The SABC has announced that it will remove standalone sports bulletins from its radio stations in an effort to cut costs, according to a report by the City Press.
This has resulted in more than 30 sports bulletin readers at the company facing retrenchment, unless their stations are able to motivate for their retainment.
In an email sent to radio stations managers and sports readers last week, the SABC confirmed the changes to its radio business and said the function of sports bulletin readers would be taken up by news bulletin readers.
“As from April 1, SABC Sport will no longer provide sport bulletins on all radio stations,” SABC Sport Radio programme manager Gilbert Nyadzhiwa said in an email to staff.
“As a result, SABC Sport will not renew any contract with the bulletin readers, i.e., sport will not continue contracting bulletin readers at SABC Sport as this function will be collapsed together with the news bulletin readers.”
Nyadzhiwa added that stations which want to retain their sports bulletin readers would have to motivate for their decision, as SABC Radio would have to carry the cost.
A source told the City Press the public broadcaster was also considering shutting down Sport Info Hub, which would result in even more job cuts at the company.
In response to questions from the publication, the SABC said it is always looking for more effective ways to optimise its operations.
“It must be noted that any changes made on its programming will not affect the delivery and quality of sports bulletins,” the SABC said.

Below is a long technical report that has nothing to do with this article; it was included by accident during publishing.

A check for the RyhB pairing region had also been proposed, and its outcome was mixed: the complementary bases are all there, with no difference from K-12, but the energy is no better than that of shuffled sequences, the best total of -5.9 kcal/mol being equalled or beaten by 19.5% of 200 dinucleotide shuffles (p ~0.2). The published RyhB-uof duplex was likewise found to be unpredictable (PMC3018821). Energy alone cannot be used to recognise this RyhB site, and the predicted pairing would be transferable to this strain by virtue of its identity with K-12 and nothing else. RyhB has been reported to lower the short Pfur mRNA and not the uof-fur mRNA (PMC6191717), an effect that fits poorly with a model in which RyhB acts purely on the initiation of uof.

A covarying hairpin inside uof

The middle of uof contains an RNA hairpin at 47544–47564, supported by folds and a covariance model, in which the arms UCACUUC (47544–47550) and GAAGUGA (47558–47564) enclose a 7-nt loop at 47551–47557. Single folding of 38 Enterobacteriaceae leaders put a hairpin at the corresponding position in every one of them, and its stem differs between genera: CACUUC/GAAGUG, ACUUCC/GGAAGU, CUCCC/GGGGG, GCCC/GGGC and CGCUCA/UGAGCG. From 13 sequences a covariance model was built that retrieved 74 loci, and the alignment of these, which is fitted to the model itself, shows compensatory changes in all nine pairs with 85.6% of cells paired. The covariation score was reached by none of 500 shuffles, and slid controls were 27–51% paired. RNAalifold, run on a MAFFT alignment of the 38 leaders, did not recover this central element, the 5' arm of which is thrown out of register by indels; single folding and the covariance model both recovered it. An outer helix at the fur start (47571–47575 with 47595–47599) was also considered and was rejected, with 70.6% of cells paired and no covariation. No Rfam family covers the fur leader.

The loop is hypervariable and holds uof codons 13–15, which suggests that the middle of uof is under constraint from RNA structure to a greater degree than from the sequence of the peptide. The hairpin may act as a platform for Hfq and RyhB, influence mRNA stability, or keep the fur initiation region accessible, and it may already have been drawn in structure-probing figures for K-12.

Fight with former COO
The SABC is also currently embroiled in a conflict with its former Chief Operations Officer Chris Maroleng.
In a statement released on Tuesday, the public broadcaster refuted allegations made by Maroleng against the company,
Maroleng had argued that his previous dismissal in April 2019 was unfair and had submitted papers in the Johannesburg Labour Court to challenge the decision.
He demanded that the broadcaster pay him R16 million or give him his job back.
The SABC called Maroleng’s statements false and misleading, and explained how a disciplinary process had found him guilty on various charges.
Maroleng was charged for breaching his fiduciary duties as a director and for acting in a manner which breached good faith, trust, honesty, loyalty and confidence.
He was also found guilty on two charges of gross negligence.
“Mr Maroleng’s baseless allegation that members of the SABC Board are to blame for his dismissal rather than his own actions, clearly demonstrates his unwillingness to assume responsibility for his own serious misconduct,” the broadcaster said.